It is thankfully unusual for me to actually fall over wet floor signs, but they are a massive obstacle, placed as they generally are in the way of doors and corridors. The classic A-board signs are Schrödinger objects – objects I cannot readily observe without altering their location – when contacted with the cane, they tend to fall over.

Though it might be logical to conclude that the signs are only a hazard because of my unusual way of functioning, this does not seem to be the case. Others without worse difficulty than need-for-glasses say they keep tripping over the things. Moreover, the floor beneath them is not usually wet, so perhaps about half the time or rather more they are the only hazard present.

The natural solution in our society would be to require people to put up an infinite regress of warning signs: “Warning: Wet Floor”.  “Warning: Trip Hazard: Wet Floor Sign”.  “Warning: Trip Hazard: Trip Hazard Warning Sign”, ad infinitum!

The self-closing fire door is a similar issue. I lived in a flat with internal fire doors for a year. They were heavy and hard, an endless cause of bruises wherever they hit me, and of minor injury to my hands. They constituted a continuous risk of being trapped in the kitchen and unable to get back out.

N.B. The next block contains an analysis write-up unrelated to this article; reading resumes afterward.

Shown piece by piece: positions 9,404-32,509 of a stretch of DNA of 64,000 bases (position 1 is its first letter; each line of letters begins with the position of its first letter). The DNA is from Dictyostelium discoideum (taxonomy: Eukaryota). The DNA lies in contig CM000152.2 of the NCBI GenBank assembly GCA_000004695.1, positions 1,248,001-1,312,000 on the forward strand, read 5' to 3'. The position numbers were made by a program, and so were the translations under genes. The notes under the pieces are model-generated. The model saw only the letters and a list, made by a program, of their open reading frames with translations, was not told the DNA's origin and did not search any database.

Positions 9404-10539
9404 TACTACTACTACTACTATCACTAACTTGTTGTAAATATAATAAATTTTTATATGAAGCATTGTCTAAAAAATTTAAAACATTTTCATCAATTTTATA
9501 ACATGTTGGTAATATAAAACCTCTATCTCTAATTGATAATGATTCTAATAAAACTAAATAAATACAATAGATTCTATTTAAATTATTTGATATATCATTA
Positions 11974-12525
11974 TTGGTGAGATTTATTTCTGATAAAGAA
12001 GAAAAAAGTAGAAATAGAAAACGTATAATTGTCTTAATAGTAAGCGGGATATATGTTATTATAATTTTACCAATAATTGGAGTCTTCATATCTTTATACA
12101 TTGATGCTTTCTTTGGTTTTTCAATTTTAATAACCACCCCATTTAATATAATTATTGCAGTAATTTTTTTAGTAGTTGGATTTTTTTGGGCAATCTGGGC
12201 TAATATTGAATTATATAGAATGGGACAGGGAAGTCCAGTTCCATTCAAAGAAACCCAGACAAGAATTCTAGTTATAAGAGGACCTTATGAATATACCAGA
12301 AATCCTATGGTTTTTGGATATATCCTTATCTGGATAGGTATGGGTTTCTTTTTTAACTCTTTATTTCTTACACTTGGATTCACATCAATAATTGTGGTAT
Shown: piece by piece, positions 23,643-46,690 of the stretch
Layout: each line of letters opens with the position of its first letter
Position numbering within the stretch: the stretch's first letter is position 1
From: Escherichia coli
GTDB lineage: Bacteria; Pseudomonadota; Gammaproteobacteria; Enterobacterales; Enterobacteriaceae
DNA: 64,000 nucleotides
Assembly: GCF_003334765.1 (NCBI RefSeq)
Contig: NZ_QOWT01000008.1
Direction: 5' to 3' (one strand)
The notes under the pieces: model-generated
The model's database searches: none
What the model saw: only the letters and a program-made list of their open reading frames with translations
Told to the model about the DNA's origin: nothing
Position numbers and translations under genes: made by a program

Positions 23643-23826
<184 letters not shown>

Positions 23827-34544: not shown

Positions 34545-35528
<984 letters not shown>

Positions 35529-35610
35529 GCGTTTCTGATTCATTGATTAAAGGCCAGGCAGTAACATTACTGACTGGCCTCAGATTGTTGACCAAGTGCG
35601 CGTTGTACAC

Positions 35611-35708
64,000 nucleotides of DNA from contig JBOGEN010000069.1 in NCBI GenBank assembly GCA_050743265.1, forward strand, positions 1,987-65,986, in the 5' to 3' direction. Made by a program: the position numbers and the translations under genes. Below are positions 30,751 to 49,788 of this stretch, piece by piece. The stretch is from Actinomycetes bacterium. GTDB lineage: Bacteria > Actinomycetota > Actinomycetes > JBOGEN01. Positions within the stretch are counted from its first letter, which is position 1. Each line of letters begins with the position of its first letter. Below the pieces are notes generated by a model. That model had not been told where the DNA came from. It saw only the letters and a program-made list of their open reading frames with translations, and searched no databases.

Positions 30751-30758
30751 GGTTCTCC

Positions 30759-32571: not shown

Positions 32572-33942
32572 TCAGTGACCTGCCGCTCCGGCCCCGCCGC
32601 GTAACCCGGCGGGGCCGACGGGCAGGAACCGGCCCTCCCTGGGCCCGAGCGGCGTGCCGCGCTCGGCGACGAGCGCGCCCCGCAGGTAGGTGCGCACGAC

The only way I could cope was by propping them open the vast majority of the time – mercifully not forbidden in the tenancy contract – which I would guess from the point of view of fire is actually worse than the presence of normal doors which do remain closed most of the time. Indeed, fire doors which didn’t come back at you like an avenging fury, but stayed where they were put, would probably have been perfectly manageable.

Again, I thought this was unusual, until I heard someone talking about the danger involved in the self-closing fire doors in their corridor at work, particularly when it came to moving large items about.